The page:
In our latest Digital Research Report on impact evidence we showed that corroborating documents included in impact case studies and submitted to REF 2014 varied in type by subject panel. The chart reproduced below shows how media items (like television programmes, YouTube videos, news articles …) were used more in panel D (Arts and Humanities) than in any other panel, whilst reports appeared in panel A (Biological Sciences and Medicine) the most. This kind of analysis is broad-brush and not particularly surprising – we have counted clinical guidelines as reports and media pieces are surely closer to the research carried out in panel D than in any other panel. What it does do is show that by allowing for flexibility in the way impact is reported (case studies could cite any evidence that corroborated impact so long as it was auditable) diversity in approach and content is encouraged and realized. Here we show this at the level of main panels, but the variety and multiplicity of impact stories in the full set of case studies is backed up by a huge array of impact evidence – evidence includes technical documentation on commercial websites, social media and audience responses to public activities and a huge number of URLs pointing to unknown resources. Not all of these evidence types are represented in the aggregate numbers in the bar chart – we classified strings of text representing pieces of evidence using a collection of keywords and patterns to group evidence pieces into commonly occurring categories, but this inevitably misses out the less common evidence types. This obscures finer grained diversity, but with the evidence types we are able to categorize, we can look at the association between use of evidence in the various categories and the scores received by submissions in peer review. We are also limited by the public availability of scores, which are available at the Unit of Assessment/Institution level only. This means that we know the percentage of 4*,3*,2*,1* case studies that a university submitted to a particular panel, but we can’t say what any particular case study scored.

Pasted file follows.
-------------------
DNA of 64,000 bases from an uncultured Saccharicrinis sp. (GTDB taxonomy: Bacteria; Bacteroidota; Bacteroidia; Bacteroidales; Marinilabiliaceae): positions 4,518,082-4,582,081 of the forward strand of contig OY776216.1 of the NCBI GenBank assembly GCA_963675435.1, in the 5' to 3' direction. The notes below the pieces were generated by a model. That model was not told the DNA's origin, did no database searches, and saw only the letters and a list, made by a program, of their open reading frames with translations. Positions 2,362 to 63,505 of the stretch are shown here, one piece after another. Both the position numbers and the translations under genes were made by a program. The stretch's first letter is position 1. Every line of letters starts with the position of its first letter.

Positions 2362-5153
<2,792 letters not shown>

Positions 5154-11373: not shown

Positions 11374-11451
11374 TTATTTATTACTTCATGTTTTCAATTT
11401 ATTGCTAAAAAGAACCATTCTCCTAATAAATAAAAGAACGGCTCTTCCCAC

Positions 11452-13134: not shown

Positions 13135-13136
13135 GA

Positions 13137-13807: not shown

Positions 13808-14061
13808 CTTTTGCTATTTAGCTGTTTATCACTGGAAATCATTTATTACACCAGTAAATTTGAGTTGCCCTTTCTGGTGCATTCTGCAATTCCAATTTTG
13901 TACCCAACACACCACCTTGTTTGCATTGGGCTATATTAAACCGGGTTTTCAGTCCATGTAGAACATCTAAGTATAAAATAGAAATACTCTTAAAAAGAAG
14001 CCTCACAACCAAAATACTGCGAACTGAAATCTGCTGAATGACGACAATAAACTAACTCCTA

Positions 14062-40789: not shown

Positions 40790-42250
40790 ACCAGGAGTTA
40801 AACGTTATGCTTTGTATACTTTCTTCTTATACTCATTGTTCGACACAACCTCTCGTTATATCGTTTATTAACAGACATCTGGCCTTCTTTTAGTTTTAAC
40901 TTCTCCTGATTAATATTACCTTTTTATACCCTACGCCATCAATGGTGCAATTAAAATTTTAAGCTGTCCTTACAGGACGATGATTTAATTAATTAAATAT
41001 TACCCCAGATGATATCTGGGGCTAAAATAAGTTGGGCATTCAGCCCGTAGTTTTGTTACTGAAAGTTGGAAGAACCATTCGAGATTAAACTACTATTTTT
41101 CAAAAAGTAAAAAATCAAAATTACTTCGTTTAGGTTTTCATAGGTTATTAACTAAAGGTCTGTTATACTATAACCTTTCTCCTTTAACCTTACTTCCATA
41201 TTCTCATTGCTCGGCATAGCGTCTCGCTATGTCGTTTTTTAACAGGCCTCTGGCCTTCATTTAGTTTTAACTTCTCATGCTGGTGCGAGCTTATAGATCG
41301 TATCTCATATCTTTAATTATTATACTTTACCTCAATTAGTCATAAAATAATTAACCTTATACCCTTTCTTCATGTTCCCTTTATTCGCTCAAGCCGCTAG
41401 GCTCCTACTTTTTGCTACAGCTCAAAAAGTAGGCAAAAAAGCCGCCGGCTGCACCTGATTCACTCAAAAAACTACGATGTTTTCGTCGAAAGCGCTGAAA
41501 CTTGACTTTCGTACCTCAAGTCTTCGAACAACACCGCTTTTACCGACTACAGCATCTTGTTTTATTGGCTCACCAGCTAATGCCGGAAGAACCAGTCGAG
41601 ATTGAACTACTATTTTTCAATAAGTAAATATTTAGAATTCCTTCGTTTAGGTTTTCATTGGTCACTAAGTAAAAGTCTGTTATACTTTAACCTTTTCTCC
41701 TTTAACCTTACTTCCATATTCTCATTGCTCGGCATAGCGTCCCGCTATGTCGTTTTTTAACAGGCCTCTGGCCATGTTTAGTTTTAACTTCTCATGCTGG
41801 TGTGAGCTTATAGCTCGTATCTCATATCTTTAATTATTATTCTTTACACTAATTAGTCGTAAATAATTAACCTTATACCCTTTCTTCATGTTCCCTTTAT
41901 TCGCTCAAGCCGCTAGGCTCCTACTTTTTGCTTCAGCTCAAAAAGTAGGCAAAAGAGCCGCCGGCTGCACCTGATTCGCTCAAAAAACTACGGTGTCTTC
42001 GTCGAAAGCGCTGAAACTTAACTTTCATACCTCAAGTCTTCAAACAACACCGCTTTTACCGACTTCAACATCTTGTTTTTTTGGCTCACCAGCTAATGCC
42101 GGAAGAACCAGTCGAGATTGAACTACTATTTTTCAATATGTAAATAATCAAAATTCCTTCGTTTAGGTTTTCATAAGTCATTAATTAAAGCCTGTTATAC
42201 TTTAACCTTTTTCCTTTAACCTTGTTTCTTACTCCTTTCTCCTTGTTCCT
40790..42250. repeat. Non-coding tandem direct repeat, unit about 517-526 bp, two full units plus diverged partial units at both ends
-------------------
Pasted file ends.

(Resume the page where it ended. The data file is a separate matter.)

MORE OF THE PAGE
At the high level we are able to access the association between scores and evidence types can be tested. The correlations between the amount of evidence of a given type, and the grade point average (GPA) score for a set of case studies is shown in the colored table below (again reproduced from our recent report). This looks at average behavior and obscures outliers (which may themselves be more interesting than group trends) but we can see differences across panels, and use these differences to point to the benefit of flexibility in assessment systems. We saw that arts and humanities case studies were those most likely to include media as evidence of impact. But within Arts and Humanities, use of media does not affect the GPA associated with a case study set in a significant way.
In contrast, the reports used in nearly 40 percent of Medical and Health case studies have a statistically significant positive correlation with GPA. Although not a causal link, it does seem that use of reports as impact evidence is associated with highly scoring impact case studies across the panels. On the other hand testimonials seem to be associated with higher scores in Arts and Humanities but are negatively related to score in the Medical Sciences.A value of 1 implies maximal positive correlation, 0 no correlation, and -1 a maximal inverse correlation. The values in bold are significant (p value < 0.05, where the null hypothesis is that the indicative score and the amount of a given evidence type are uncorrelated.)
In our report we conclude that the case study format allowed a variety of evidence to be displayed, and that these types appeared – and were assessed – differently across research communities. The evidence ontology we use neglects less common forms of evidence, and the limited availability of scores means we’re really looking at averages and associating them with individual case studies. Nevertheless, we see different practices across broad subject categories. We also know that there is great variety in the impact case study database, and that there are multifarious differences across individual case studies. We use this variety to argue that the surprises and outliers in the impact case studies provide the most value and interest, and to encourage diversity in content, certainly not ruled by a formulaic impression of what good impact or good impact evidence looks like.